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New blog posts will be uploaded at 5:00 PM CST
Every Tuesday & Thursday!
A writer's life during the golden age of television

I’m Jack Olesker, creator, writer, producer and director of more than twelve hundred episodes of television, eighteen motion pictures and seven published novels. I've written and created many animated series during The Golden Age of Television Animation including Care Bears, M.A.S.K., Heroes on Hot Wheels, The New Adventures of He-man, The Super Mario Bros. Super Show, Hello Kitty’s Furry Tale Theater, Popples, my co-creation of Mighty Morphin Power Rangers and many more.

It’s been my joy to have entertained countless millions of viewers who were young fans and stayed fans as they grew up and introduced their own children to many of my series continuing to air worldwide.

And now, through my A Writer’s Life…During the Golden Age of Television Animation blog, I’m going to take all of you on an amazing journey back to those shining years of animated television series. It’s a real-life journey that has everything – history, action, adventure, cliffhangers, comedy and drama, suspense, devastating disappointments and tremendous triumphs.

We who labor – and labored -- in the animation industry are forever indebted to you for being fans. So my A Writer’s Life…During the Golden Age of Television Animation blog is a labor of love dedicated to you. It’s my way of saying “Thank-you.” I promise it will be a fascinating journey.

Let’s go on it together!


After my latest exchange with Howard, I reluctantly return to my office. My in-boxes are pathetically empty. I have no phone messages. Sadly, I see this happening for a long time. I miss the interaction with writers, the scripts – writing or editing them –being involved with a series and knowing it will have a positive impact on children.

I also feel guilty. I’m making a lot of money as a staff writer/story editor at DIC. How can I sit around hour after hour, day after day, week after week, month after month doing nothing and justify being paid?

A knock on my door brings the message that I won’t have to justify sitting around doing nothing for a month, a week, a day or even an hour. I call, “Come in.”

Lori opens the door and, like a seer, asks, “Did you think we’d let you sit around here doing nothing?”

I answer, “I was starting to wonder.”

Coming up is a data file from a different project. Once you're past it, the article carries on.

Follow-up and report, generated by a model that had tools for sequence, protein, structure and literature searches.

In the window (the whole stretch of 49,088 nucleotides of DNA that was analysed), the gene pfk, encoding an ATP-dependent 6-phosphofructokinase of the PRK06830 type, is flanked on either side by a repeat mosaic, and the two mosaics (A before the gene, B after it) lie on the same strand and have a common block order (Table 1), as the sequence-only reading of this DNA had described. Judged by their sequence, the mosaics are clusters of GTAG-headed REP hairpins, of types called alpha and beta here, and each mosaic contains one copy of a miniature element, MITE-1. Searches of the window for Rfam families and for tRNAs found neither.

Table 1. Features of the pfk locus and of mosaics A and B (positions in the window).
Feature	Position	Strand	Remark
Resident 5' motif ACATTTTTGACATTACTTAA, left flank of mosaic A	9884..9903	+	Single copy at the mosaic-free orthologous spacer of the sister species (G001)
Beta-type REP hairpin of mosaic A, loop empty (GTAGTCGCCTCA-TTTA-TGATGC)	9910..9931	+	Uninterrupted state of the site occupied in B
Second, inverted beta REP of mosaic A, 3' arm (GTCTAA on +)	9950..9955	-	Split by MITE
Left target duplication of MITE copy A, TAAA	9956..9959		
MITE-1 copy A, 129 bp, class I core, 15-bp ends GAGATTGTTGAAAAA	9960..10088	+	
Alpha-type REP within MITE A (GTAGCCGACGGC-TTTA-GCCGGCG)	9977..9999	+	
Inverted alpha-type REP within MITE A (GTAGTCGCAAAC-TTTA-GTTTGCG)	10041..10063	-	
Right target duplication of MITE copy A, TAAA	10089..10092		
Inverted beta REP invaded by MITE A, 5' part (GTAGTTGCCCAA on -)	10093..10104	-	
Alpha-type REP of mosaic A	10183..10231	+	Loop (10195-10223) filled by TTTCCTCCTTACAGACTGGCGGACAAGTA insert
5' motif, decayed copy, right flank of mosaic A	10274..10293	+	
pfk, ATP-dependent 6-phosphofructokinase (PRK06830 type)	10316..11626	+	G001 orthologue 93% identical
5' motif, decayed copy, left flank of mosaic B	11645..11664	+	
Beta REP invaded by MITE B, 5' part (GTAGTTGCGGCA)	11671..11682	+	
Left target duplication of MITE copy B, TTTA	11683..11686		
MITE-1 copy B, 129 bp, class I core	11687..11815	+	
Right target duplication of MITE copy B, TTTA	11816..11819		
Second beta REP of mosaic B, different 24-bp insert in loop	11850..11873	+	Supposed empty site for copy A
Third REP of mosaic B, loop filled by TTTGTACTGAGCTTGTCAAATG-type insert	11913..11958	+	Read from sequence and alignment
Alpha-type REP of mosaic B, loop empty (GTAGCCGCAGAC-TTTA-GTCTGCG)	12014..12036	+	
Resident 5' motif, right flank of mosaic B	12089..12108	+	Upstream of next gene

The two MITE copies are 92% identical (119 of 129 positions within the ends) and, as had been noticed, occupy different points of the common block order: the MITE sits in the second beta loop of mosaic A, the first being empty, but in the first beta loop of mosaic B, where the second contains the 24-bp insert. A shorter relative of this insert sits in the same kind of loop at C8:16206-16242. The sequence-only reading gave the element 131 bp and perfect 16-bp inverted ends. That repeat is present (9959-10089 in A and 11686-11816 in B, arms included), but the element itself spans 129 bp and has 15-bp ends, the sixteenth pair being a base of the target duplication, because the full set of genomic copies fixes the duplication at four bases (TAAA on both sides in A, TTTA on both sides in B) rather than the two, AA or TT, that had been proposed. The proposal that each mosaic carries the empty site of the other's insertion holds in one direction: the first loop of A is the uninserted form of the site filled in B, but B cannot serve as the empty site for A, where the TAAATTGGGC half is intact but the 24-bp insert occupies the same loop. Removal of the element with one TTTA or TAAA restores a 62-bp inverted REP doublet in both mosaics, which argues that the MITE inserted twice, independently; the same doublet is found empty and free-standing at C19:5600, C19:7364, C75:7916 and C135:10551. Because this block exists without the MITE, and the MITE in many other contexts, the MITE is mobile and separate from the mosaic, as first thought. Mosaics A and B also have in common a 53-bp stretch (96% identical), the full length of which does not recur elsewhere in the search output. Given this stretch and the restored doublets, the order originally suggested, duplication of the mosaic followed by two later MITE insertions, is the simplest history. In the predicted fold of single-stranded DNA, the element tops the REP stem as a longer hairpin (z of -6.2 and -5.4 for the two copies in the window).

Lori grins. “I’m not surprised. It’s been a whole hour since you turned in the last Care Bears script.” She comes in and asks, “Do you know who Heathcliff is?”

Desperate but knowing it’s a mistake, I give the only answer I can. “He was the protagonist in Emily Bronte’s novel”

The smile leaves her face. “Very funny, Jack. We all read Wuthering Heights in English Lit 101.”

Sensing I’ve got the wrong Heathcliff, I surrender. “I give up. Who’s Heathcliff?”

She places four floppy discs and four video cassettes on my desk and answers, “He’s a cat.”

As Howard’s audience disperses, he moves toward me, an anticipatory look of veiled glee in his eyes. He asks, “So how’s Care Bears coming, kid?”

I do not like his use of the word ‘kid’. I know I’m relatively new to children’s entertainment but this is not a day I need to be reminded of it. When I tell him, “I just delivered the last script to Lori” he brightens. Thinking he should also be worried about the season wrapping, I add, “I don’t know if we’ll get a pick-up for more episodes.”

Without a blink Howard says, “Care Bears is going to Nelvana for the next season.”

Showing my lack of knowledge about the children’s entertainment industry, I ask, “Who’s Nelvana?”

Howard puffs up, pleased to ‘teach’ me something. “They’re a Canadian animation studio. Word is they underbid DIC.”

I ask, “How can they do that?”

Enlightening me further, Howard explains, “They get a subsidy from the Canadian government. They can produce the series for half of what DIC charges.”

When I say that doesn’t seem fair, Howard replies, “Welcome to the world of international television, kid.”

Three things happen after our conversation: I assume Howard’s right, I realize I have research to do if I want to be a part of this industry and I still don’t like him calling me ‘kid’. Howard’s stock has gone down a couple points in my book. It would be that way – up and down, up and down – for as long as I would know him

After I deliver the final Care Bears script to Lori, I slink to my office. The letdown hits me like a blacksmith’s hammer. I’ll feel it over and over throughout my career. I’ll spend so many months with wonderful characters and suddenly a series is finished and the characters are gone. I miss Grumpy Bear, Champ, Friendship Bear, and the whole crew. I miss them a lot…

Brooding in my windowless office, the silence closes in. I walk from my office feeling like I’m moving in slow motion as I pass artists and writers. I imagine them stealing glances at me, thinking, “There goes Olesker. His series is over. Poor guy. Dead man walking.”

I come around a cubicle to see Howard holding court, surrounded by newer staff and writers, pontificating about his glory days directing films for legendary B-film producer Roger Corman. When he’s finished, someone chimes, “I saw you at Hamburger Hamlet last night

with a gorgeous gal. How do you do it? I mean…you’re not…” When the newbie fumbles, realizing his gaffe, Howard lets him off the hook with, “I know what you mean. I’m no John Travolta.” There are nervous snickers.

Howard lowers his voice conspiratorially. “Here’s how I do it.” He pauses, milking it as he watches his audience move in closer for the reveal. He confides, “I ask a hundred beautiful women to dinner. If three accept, then I’m doing pretty well.”

There’s good-natured laughter all around, Howard basking in self-denigration. I reluctantly calculate his stock rising a couple points in my book. Anyone who can laugh at himself is okay with me.

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